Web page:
Illinois’s STABBING WESTWARD was a mainstay on terrestrial rock radio at the turn of the century due to memorable hits like “Save Yourself”. The industrial rockers were off everyone’s radar for years before reuniting in 2016 for shows and tours. That period of rebirth has led to their first batch of newly recorded material in nearly two decades in the form of the recently released EP, “Dead and Gone”, which follows last year’s re-release of their 1992 “Iwo Jesus” EP. Fortunately for longtime fans, and in spite of its brevity, the EP serves to remind listeners why they are regarded as one of the catchiest industrial rock outfits of the last quarter century.

The band formed in the Midwest in 1986 before eventually migrating to the city of angels years later, and they were prolific primarily through the nineties prior to disbanding in 2002. Since the ensemble’s reboot in 2016, founding members Christopher Hall (vocals/multi-instrumentalist) and Walter Flakus (keyboardist) have moved forward with a new rhythm section in the form of drummer Bobby Amaro (ex-ORGY) and bassist Carlton Bost (DEADSY/ORGY) through to their long-awaited, brand new offering. “Dead and Gone” is a collection of three new tracks accompanied by two remixes of those songs. The EP is short and sweet, but it offers enough to tide over longtime fans until their next full-length release.

The title track is driven by an enveloping synth drive that meshes perfectly with Hall‘s emotive lyrical and vocal outpouring. The track’s thematic sense of struggle is mirrored appropriately with the musical energy that travels through peaks and valleys. The “Dead and Gone (Stoneburner Remix)” reinterpretation steers clear of the source material’s more aggressive tendencies, but maintains enough of the ebb and flow qualities to keep it interesting, however, it’s far from exceptional.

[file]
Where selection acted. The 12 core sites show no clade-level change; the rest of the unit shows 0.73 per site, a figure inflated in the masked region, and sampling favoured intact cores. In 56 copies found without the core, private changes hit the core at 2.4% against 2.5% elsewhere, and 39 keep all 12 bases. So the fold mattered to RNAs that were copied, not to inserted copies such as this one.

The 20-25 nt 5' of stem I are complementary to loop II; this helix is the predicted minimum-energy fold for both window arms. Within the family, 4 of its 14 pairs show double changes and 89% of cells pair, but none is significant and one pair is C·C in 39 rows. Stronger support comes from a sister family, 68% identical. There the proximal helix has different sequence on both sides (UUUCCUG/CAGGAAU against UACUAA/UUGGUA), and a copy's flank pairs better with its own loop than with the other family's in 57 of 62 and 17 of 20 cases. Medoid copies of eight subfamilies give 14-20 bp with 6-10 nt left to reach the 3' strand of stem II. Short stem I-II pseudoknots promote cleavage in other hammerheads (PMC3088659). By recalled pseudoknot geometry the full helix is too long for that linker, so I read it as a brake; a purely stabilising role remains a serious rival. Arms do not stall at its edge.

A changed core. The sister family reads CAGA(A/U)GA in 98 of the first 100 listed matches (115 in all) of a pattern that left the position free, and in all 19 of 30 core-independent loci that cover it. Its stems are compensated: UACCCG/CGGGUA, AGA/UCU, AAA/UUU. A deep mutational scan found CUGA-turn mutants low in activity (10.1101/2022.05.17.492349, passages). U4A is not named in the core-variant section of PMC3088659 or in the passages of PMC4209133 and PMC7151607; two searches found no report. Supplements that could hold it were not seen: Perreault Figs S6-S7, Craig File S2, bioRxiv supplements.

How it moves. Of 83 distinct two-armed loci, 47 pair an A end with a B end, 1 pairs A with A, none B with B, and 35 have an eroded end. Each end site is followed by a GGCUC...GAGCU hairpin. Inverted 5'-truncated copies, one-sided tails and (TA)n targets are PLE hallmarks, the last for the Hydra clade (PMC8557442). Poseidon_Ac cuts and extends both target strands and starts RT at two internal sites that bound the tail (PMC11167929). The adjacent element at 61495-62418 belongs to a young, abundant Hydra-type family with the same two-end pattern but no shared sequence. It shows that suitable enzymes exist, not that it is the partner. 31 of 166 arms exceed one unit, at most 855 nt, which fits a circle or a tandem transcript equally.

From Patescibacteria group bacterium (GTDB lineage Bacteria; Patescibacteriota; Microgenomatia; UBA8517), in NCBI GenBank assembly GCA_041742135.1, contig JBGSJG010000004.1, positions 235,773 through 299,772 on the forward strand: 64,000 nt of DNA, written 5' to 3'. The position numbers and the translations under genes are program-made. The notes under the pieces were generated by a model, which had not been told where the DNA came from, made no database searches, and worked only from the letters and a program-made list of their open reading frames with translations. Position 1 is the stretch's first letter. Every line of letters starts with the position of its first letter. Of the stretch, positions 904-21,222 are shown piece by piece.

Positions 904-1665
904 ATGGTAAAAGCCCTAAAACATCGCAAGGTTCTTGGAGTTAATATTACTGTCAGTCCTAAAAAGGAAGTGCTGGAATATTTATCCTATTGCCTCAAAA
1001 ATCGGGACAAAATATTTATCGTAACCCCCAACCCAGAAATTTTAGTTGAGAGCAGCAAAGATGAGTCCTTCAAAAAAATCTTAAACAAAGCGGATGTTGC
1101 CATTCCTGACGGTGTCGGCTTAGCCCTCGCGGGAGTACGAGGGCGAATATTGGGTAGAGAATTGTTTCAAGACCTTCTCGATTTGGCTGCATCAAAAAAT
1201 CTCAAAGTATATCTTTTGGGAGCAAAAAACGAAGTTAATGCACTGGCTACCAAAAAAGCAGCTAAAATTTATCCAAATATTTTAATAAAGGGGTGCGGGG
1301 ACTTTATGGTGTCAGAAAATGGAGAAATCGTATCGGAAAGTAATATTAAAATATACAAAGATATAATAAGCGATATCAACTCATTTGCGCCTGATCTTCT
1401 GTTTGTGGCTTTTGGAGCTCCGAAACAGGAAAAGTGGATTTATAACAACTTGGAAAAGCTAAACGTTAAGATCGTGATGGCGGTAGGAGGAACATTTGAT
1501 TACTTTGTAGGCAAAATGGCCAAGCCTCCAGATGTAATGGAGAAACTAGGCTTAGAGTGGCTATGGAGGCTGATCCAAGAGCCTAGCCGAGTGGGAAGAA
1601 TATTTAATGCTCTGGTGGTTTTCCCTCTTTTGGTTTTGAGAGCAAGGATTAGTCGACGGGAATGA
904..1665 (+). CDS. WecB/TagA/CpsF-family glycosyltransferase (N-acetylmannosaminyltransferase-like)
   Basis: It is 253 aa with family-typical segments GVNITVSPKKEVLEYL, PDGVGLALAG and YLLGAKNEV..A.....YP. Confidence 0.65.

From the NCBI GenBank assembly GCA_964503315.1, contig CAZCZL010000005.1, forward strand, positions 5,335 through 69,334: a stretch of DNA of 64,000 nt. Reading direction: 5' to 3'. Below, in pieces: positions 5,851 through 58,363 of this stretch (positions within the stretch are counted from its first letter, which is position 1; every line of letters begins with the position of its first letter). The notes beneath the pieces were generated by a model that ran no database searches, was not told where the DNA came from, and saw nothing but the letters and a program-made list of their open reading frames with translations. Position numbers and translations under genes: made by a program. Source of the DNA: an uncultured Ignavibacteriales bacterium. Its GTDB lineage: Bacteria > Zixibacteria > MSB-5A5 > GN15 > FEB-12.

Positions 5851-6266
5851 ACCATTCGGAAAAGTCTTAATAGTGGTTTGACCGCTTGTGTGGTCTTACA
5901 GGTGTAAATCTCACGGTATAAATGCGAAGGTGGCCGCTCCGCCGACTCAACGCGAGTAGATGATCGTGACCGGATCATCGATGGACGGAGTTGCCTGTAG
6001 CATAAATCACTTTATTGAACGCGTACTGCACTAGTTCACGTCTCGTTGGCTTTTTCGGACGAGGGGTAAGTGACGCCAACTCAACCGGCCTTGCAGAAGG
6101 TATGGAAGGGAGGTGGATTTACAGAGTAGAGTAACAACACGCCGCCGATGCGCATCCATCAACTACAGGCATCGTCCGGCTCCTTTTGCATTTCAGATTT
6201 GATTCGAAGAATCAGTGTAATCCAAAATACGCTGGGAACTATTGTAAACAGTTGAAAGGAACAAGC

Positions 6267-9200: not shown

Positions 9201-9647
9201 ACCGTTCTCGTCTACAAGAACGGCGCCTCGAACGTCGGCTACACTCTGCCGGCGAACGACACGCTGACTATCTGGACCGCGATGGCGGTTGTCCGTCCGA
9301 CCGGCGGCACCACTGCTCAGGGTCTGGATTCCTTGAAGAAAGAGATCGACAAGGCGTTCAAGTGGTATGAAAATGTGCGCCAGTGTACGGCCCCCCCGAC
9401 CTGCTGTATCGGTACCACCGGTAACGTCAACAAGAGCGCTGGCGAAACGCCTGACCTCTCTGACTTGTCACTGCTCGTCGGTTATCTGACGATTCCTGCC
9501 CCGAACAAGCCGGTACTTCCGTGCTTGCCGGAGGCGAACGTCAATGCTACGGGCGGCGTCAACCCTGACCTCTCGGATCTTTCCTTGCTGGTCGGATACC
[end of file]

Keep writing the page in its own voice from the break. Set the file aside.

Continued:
An unmistakable Middle Eastern quality underlies “Cold”‘s synths in a seductive manner that’s captivating and memorable. The song’s contextual references to romantic love that has morphed into unrequited love, where the object of one’s desire has become ice cold is powerfully conveyed and interestingly captured within the form of a pop song crafted by an industrial rock band. The partnering remix track propels an equal degree of groove, yet it proves to be just as unremarkable as the EP’s other remix track. Rounding out the EP, “Crawl” builds momentum with simplicity toward a provocative, massive, dense sound mass. Yet again, romantic love establishes itself as the release’s motif, cemented with Hall‘s signature vocal stylings and passionate delivery.

The “Dead and Gone” EP ultimately proves how memorable STABBING WESTWARD‘s industrial rock can be, and it serves as a teaser for a looming full-length album that many are anticipating. STABBING WESTWARD may not sound as fresh and new as they did in the nineties, but they sound just as passionate and exciting as ever.
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